For the year 2012/13 and previous years, WCBC used a firm from either Cardiff or Swansea called Cooke and Arkwright to look after rates on behalf of the Council. Payment for said services was a % of the savings made.

    They came up with the idea of charging for rates by each individual stall, this enabled the stalls to be zero rated and therefore from 2013/14 up to the present 2018/19 the Butchers Market tenants have only paid around £800 per year rates between all stalls.

    The Butchers and General Market to the best of my knowledge are still on these same contracts. However, Ty Pawb as you say, tenants will have to look at their tenancy agreements.

    • This reply was modified 3 weeks, 6 days ago by  jimbow.
    in reply to: Ty Pawb – success #148276

    jimbow
    Participant

    In the Fourth Street Report on Ty Pawb the Rent Roll for Market/Retail space, Studios and Cafe/Bar was costed as £194k.

    The Cafe/Bar part fell through and therefore £32k should be taken out from the £194k leaving £162k. Leaving a shortfall of £29k on the Optimistic Report.

    The car park revenue was put in at £159k but the charge then was £4 per day. The Council have since this report changed the charge to less than £4.Income from car parks will reduce and net income will come in at around £41k. This is £16k less than in the Report.

    All in all a £45 shortfall on the Optimistic Case.

    The Optimistic Case made for a deficit of £188k. With the above the 1st year deficit could rise to £233k

    On top of this in year 2 the rents are set to increase by 15%. There is a struggle to let units now without proposed rent increase next year.

    in reply to: The Mosquitoes are Back! #148004

    jimbow
    Participant

    Chrischevy don’t forget the malaria tablets.

    • This reply was modified 1 month ago by  jimbow.
    in reply to: Ty Pawb – success #147933

    jimbow
    Participant

    You can accept some “teething” problems when it comes to the building but not to have a basic management team in place to manage a £4.4 million project is just utter madness and gross incompetence at officer and Council Member levels for a project with at least a three year lead in.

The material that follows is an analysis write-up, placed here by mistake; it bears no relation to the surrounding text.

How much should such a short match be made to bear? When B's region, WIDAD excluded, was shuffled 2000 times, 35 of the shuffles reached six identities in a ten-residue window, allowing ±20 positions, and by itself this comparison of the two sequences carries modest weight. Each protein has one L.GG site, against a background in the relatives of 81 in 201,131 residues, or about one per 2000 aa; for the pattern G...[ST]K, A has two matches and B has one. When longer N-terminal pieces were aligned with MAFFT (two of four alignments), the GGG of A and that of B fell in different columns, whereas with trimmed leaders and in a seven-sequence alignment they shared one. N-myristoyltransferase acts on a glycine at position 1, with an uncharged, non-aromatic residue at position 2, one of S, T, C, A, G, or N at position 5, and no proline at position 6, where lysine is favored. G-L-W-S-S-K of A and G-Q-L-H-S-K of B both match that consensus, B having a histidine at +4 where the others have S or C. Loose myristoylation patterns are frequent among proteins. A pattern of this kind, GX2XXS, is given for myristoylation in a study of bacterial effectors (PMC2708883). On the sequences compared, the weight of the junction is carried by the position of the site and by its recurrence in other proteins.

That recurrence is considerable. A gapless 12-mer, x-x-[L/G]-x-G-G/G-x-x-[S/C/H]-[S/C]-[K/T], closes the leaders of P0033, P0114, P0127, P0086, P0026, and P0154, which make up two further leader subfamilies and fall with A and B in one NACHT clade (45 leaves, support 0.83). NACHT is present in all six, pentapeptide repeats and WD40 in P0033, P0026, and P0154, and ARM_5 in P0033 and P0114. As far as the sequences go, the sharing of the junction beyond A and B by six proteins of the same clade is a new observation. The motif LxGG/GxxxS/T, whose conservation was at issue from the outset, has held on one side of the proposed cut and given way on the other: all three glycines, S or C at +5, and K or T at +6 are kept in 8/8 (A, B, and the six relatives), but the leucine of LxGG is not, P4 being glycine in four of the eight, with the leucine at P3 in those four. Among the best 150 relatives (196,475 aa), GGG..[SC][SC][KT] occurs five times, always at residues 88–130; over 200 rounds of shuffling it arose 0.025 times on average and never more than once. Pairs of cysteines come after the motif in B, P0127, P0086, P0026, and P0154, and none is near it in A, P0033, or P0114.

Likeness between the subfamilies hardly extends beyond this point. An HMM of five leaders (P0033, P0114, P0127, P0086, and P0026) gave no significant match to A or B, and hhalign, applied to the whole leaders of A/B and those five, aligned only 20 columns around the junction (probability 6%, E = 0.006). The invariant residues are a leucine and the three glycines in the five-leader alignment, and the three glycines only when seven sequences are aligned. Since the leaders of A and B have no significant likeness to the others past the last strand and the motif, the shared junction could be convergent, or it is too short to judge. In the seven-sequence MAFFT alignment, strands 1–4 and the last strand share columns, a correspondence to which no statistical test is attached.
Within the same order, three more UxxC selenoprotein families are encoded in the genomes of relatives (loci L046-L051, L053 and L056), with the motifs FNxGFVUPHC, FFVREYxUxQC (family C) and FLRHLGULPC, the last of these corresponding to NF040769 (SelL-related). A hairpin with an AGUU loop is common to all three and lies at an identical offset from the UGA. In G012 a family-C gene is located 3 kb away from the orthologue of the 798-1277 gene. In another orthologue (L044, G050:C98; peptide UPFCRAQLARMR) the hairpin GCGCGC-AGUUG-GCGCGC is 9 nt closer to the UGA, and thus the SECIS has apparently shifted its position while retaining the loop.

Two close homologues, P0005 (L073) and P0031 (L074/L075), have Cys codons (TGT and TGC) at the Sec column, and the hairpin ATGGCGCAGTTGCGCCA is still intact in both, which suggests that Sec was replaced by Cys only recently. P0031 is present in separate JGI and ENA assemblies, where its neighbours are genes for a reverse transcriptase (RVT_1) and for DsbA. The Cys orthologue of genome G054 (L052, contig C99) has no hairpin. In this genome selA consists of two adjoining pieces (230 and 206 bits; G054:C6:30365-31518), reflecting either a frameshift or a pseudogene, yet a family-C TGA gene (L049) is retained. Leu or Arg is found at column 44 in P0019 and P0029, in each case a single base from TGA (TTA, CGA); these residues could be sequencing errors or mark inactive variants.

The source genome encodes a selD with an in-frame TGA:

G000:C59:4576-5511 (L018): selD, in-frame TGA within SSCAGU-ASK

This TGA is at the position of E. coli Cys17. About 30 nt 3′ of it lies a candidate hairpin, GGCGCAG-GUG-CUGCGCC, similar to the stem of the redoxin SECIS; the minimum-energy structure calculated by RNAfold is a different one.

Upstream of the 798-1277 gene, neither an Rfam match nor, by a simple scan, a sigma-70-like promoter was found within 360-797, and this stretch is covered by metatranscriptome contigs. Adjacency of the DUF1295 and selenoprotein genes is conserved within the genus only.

All of these teething problems are increasing the running costs and also lost revenue from units that are not complete or even finished off yet.
    The project budget for the project was based on full occupancy of all the types of units from day one- failure to act this is just increasing the deficit budget- collectively at the rate of a few £1000 a week.

    I was also told today that there is an issue with the food providers about who can supply coffee and drinks and who cant- I assume if this is the case the Council has included the type of restrictive covenants in the leases to reduce the level of competition between businesses. If this is the case then we are likely to see some cutthroat business activity as the food retailers compete.

    It is the same old story, if you want things to go wrong get the Council involved.

    As for restrictive covenants, in the old Council tenancy agreements you had to list the type of goods that you were going to sell, and that wording went onto the agreement. Whilst it did not give you the sole rights to the monopoly of said goods, the Council were aware that variety of stalls selling different lines was beneficial to the attraction of footfall.

    Food stalls do seem to attract more business and generate more income than non food stalls. However, this is not a problem when food outlets are all very busy. The problems arise when footfall drops and business sales drop likewise. Stallholders look around for other lines to supplement there income. This could happen at Ty Pawb if footfall drops. If it is happening as early as this, the future does not look bright.

    in reply to: Ty Pawb – success #147884

    jimbow
    Participant

    I wonder if the Council has worked out yet what the cost is per day/hour to have the building open- heat, lighting, security, cleaning, duty manager etc.

    I presume the Council have done this as how else can they come up with a Service Charge.

    On previous Council Market contracts it was written that the amount the Council incurred in running the Market from 1st January to 31st December for each calendar year, was recharged to stallholders from 1st April to 31st March in the following financial year.
    Obviously Ty Pawb has only been open since 1st April therefore tenants are being charged a Service Charge that has not been verified, if the contracts are written up in the same way.

    • This reply was modified 1 month, 1 week ago by  jimbow.